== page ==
Why don’t the protesters just let the council fix the roads and replace a few trees.

The trees will grow and once again we will have lovely tree-lined city streets.

This whole corporate greed thing is just conspiracy theory nonsense.

The tree protest groups need to step outside of their echo chamber, listen to the wider public and stop forcing their agenda onto the people of Sheffield.

Seldom S.

By email

Long list of issues for Jared to get teeth into

I was disappointed to see the poor level of journalism in your article about Jared O’Mara which just repeated what was already in the media.

The real story if you had taken the trouble to explore is:

The Labour Party gave us a candidate totally ill- equipped or prepared for the role and was not even vetted properly.

Mr O’Mara does not fulfil the basic role as an MP; he has not made his maiden speech and rarely votes or tables questions;

He has not set out what he stands for . The reports of his sexist behaviour, following allegations from a woman in Sheffield have been known for many weeks but have been ignored by the Labour Party and dismissed by Mr O’Mara as a vendetta.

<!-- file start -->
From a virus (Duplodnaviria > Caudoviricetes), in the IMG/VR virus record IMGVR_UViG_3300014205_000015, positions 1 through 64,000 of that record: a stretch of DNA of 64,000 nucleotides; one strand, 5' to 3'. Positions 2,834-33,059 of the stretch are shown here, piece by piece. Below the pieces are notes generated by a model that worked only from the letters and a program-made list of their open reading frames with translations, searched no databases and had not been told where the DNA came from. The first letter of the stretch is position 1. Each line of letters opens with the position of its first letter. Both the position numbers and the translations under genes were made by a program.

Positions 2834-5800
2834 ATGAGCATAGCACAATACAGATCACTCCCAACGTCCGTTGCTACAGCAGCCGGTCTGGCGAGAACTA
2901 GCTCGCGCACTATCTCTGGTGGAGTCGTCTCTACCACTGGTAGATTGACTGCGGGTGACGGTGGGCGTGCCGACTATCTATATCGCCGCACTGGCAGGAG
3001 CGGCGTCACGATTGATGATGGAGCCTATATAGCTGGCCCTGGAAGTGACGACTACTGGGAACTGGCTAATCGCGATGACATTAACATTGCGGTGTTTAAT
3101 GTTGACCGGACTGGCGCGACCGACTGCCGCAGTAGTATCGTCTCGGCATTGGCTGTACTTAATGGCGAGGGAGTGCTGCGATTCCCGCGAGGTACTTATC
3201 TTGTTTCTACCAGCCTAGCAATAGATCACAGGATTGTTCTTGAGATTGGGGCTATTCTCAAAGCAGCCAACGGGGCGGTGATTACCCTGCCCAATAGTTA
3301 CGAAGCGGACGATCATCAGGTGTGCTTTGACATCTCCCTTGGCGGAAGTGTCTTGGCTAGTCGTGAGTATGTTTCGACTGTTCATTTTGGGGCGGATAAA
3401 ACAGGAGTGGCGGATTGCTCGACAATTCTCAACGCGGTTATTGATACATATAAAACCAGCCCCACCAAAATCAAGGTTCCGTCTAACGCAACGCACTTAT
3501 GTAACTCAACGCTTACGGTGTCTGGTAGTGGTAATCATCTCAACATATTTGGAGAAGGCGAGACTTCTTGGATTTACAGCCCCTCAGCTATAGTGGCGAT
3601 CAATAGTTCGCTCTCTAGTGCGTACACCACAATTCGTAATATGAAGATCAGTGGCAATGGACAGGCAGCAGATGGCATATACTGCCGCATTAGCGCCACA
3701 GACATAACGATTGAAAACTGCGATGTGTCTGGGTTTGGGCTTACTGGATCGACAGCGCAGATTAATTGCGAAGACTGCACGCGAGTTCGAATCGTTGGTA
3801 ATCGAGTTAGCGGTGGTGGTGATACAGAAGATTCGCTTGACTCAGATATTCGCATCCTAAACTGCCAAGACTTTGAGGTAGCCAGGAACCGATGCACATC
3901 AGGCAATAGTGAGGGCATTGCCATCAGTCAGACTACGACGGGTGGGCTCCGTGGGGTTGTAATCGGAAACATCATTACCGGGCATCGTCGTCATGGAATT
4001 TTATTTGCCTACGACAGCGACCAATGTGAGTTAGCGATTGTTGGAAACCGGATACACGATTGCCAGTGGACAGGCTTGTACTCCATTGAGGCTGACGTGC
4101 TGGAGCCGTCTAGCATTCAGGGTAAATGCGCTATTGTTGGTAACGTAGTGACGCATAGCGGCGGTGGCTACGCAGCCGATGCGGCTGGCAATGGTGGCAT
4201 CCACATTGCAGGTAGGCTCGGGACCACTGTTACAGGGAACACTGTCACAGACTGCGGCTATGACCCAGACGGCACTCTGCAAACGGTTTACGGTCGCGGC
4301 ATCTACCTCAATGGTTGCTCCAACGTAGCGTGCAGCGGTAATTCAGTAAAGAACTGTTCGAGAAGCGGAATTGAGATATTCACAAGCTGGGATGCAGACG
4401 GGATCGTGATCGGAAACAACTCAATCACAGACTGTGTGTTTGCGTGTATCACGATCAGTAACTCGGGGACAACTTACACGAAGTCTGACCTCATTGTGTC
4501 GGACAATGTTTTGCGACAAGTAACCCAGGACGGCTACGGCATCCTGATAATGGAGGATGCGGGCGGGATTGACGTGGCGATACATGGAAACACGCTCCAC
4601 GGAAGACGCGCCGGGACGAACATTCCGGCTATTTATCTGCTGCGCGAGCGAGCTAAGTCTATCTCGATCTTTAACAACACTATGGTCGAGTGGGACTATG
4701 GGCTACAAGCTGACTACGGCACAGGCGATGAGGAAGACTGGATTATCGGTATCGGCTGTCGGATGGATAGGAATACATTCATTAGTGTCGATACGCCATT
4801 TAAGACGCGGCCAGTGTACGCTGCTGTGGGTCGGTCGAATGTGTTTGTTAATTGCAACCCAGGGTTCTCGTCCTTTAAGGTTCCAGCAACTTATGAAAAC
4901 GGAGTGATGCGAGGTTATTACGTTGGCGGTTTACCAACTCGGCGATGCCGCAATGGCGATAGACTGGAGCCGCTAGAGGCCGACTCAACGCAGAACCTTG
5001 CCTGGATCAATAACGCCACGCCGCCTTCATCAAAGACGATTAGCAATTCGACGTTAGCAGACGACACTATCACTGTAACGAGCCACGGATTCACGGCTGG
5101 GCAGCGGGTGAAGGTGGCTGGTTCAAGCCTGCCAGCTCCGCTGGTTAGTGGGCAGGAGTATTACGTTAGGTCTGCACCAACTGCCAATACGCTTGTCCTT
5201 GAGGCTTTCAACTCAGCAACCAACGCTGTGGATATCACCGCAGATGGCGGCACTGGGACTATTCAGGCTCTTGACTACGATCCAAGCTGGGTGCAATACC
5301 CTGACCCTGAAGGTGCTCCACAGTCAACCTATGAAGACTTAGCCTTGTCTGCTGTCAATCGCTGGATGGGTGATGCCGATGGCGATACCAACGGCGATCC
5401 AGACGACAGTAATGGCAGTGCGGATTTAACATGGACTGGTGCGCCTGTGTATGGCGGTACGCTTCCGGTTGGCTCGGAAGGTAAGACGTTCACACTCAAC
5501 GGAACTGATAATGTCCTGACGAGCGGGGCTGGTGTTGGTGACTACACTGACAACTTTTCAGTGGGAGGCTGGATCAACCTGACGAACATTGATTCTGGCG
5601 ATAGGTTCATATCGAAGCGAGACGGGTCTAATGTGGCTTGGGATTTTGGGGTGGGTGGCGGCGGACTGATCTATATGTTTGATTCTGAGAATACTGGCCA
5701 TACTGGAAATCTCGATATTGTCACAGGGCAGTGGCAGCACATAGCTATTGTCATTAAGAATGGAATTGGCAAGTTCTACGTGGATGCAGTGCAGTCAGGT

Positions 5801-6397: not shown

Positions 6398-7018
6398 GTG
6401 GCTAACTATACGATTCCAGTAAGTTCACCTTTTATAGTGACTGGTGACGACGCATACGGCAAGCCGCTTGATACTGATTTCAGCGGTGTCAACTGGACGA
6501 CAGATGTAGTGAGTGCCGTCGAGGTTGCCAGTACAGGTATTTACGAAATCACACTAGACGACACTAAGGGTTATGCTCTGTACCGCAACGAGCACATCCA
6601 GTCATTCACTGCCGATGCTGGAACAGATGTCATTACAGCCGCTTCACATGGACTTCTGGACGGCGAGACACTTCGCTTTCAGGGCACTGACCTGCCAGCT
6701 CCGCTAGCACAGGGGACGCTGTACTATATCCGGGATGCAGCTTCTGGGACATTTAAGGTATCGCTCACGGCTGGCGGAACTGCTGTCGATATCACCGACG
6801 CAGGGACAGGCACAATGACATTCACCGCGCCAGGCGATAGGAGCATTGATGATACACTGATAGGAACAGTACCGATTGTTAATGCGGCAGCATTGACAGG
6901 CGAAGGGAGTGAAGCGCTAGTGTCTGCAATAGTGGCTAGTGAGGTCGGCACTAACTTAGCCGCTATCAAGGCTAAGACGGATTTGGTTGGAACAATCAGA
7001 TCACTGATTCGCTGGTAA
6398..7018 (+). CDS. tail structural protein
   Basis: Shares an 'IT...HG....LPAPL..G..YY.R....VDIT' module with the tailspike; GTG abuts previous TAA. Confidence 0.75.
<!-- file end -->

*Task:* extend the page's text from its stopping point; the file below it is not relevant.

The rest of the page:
If he is found not to be a fit MP and will not quit his job, who will represent with credibility the Hallam constituency?

When I met Mr O’Mara a month ago I gave him a list of issues that he could look at. It included:

n Nationally,fixing teacher recruitment, retention and training. Credible policies for paying and supporting the elderly.

n Dealing with the savings/debt crises facing young people.

On the debt side that means reducing the need for pay day loans, tackling exploitation by betting companies and those offering credit. Action also needs to be taken on reducing the cost of student loans. On the savings side it means support for housing and building up pensions.

n Brexit and having a credible plan for managing the transition/a plan B.

n Locally, sorting out proper devolution and being willing to look at a ‘Yorkshire’ solution as well as a narrower City Region option, supporting the local environment including greater transparency about the terms of the Amey contract and greater accountability about the tree felling policy.

Mr S Geary,

by email